Here is an example of the activities that I would do if running a Small Group for Social Skills:

Week 1- Rapport Building Activity
All About Me Activity
Week 2- Social Skills Quiz Activity
Social Skills Quick
Week 3 – Videos on Specific Skill (Listening, Initiating Play, Manners Turn Taking, etc.)
SEL Videos
Week 4- Lessons, Worksheets, or Art Activities related to topic
Social Skills Activities
Week 5- Role Play Skill
The Conversation Game
Week 6- More Videos on new Social Skill of Focus
Mrs. Manners Says Counseling Game Video
Week 7- Game related to skill reviewed previous week
The Manners Game
Week 8- Consultation with teachers on progress and activity to practice skills and/or conclude group with fun activity
Emoji BINGO

What Does “Therapy” in Schools Look Like?

Therapy in schools is the highest level, also known as Tier 1, support to students with significant social, emotional, or behavioral needs. It is also provided by school counselors, school psychologists, and social workers. It is mostly individual counseling, that is much less instruction, and much more talking. It is usually for students struggling with more severe mental health concerns, such as depression, anxiety, anger control, or trauma.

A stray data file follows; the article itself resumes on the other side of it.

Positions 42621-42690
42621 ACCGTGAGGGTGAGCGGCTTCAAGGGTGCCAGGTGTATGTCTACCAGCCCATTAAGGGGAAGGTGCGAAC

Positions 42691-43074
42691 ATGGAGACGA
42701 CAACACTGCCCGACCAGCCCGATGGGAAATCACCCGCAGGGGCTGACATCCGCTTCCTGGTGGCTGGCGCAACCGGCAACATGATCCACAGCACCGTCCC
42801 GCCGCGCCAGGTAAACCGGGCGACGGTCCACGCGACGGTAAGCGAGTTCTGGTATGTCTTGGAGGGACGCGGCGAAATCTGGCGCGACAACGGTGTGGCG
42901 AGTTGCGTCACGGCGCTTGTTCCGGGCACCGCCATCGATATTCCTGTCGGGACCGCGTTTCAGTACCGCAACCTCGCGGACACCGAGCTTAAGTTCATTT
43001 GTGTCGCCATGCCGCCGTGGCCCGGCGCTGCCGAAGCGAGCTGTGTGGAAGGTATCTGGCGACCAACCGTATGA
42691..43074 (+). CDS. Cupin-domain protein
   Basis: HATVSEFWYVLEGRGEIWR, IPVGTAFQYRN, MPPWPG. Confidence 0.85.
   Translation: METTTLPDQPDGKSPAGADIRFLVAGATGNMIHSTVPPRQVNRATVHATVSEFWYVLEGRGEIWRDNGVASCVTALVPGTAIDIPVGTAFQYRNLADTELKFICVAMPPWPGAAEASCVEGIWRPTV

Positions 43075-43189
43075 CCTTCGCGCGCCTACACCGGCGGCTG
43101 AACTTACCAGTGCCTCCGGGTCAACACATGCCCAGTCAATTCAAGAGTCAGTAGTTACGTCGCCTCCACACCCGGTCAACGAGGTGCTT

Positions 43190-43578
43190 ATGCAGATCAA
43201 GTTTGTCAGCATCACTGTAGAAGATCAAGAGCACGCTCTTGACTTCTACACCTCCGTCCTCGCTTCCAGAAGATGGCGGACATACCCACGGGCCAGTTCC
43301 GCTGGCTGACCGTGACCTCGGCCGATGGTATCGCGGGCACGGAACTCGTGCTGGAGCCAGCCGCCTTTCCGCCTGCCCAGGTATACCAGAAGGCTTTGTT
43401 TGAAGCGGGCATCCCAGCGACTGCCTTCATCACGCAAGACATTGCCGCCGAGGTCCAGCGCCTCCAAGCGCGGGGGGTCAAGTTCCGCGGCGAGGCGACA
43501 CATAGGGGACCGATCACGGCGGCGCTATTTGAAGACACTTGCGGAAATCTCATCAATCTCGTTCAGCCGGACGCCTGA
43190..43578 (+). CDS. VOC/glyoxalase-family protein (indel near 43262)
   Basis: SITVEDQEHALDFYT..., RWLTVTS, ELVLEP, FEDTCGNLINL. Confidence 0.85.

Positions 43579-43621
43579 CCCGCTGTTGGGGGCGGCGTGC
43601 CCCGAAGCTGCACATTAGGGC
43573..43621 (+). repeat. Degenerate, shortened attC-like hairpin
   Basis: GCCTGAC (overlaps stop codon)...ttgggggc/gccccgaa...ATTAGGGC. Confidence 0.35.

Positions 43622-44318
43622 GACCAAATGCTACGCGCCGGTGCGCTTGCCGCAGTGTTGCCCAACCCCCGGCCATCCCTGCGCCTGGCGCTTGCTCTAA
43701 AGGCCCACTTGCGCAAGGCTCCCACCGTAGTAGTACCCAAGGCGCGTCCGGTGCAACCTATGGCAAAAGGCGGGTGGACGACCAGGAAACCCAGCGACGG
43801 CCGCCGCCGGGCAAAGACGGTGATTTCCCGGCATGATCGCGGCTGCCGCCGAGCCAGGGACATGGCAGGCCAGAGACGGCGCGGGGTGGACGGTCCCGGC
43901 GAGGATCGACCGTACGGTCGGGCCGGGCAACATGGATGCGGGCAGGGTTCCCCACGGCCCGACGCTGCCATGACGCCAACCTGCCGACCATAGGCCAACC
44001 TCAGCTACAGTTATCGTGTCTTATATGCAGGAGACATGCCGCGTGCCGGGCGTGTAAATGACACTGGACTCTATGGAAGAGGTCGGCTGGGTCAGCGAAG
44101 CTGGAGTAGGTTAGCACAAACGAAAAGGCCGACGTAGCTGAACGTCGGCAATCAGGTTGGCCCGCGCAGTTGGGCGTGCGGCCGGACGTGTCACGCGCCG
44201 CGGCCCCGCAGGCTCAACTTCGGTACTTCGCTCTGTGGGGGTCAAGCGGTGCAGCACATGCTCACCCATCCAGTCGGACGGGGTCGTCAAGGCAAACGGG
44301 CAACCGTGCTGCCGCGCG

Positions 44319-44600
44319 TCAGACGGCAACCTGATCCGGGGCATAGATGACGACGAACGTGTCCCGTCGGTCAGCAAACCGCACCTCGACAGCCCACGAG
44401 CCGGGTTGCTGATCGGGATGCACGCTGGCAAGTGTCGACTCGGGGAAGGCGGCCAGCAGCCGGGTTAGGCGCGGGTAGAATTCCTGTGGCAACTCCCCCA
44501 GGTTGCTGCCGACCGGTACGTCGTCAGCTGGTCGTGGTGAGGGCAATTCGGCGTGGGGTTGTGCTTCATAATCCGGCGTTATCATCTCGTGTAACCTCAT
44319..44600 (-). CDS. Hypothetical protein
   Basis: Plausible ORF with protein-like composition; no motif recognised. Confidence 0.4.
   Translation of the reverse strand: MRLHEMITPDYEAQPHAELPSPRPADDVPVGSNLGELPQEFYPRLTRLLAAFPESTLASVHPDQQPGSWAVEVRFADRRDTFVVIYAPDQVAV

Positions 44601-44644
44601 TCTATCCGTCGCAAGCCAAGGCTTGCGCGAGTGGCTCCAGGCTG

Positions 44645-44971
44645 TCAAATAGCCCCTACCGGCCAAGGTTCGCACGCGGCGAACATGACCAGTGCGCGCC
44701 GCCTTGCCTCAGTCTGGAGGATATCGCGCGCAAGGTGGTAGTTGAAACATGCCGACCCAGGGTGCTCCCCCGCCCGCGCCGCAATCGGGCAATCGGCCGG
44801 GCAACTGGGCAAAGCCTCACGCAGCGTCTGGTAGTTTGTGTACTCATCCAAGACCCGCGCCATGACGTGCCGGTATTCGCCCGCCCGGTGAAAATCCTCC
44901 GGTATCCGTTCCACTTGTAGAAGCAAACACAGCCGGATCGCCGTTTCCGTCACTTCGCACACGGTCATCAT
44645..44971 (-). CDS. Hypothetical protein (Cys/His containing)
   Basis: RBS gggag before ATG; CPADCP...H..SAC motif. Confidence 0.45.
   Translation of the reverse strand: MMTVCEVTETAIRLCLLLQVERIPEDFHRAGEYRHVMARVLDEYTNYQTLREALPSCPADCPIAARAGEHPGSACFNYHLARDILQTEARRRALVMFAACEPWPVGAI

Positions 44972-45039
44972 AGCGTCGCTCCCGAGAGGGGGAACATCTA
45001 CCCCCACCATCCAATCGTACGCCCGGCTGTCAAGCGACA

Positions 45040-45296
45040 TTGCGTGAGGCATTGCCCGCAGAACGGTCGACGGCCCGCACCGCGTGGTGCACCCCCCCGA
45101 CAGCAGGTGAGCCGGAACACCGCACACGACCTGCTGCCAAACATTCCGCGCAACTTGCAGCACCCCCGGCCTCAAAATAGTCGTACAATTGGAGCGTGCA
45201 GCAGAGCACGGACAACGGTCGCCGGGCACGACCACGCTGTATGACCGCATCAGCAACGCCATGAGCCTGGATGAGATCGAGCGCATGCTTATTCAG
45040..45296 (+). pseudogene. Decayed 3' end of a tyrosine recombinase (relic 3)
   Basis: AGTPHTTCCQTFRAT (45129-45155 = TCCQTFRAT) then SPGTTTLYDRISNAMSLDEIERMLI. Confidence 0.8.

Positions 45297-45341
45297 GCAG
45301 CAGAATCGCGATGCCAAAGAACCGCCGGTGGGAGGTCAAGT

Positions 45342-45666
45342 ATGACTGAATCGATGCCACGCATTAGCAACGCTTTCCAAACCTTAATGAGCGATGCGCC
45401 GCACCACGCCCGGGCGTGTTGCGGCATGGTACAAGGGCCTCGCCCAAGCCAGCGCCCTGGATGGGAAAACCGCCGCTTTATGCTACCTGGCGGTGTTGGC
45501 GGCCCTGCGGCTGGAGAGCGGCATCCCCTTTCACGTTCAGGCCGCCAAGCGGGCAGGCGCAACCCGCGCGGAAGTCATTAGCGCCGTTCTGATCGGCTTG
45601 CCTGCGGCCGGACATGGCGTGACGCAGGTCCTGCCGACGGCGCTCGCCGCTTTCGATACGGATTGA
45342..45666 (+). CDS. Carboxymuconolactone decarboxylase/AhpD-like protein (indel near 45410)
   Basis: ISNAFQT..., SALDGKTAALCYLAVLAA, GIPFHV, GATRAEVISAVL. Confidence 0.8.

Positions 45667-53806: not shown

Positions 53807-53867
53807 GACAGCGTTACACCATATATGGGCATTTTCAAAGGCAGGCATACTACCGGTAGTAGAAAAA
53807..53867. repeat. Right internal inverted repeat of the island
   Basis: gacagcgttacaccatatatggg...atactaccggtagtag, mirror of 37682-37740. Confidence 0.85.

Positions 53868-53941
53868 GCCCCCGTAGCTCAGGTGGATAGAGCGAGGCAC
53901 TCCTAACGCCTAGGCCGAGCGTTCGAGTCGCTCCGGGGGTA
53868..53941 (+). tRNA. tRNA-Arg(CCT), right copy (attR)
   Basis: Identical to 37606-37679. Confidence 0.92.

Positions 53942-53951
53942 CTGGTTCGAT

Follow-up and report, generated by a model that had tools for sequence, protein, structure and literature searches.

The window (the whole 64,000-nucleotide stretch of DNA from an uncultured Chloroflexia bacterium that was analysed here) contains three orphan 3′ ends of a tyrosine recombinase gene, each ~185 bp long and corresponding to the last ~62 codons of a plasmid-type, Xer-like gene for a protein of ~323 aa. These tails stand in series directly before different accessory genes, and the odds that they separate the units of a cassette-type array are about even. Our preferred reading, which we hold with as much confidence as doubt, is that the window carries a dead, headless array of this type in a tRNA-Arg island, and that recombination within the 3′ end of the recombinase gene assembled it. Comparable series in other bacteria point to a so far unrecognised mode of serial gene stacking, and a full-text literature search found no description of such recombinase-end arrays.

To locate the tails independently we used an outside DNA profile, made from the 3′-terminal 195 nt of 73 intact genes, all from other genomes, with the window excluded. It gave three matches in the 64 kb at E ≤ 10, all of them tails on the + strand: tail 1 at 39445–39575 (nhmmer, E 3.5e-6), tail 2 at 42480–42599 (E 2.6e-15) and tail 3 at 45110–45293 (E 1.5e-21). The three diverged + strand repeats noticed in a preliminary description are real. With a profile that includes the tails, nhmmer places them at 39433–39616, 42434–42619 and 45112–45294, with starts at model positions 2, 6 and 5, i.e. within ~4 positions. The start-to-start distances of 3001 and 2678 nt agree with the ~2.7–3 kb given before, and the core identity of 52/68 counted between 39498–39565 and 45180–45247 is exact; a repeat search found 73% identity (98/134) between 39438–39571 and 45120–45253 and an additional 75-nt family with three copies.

It looks like engaging the student in conversation about their mental health, teaching a practicing skills individually, such as mindfulness, and making a support plan of people they can go to when feeling anxious or depressed. While more individualized than when in a small group setting, counselors can still use creativity and fun in their activities. Some therapy activities may include play therapy, videos, games, and coloring or painting. Because the therapy is in school, the focus should still generally be focused on the students functioning in the school environment.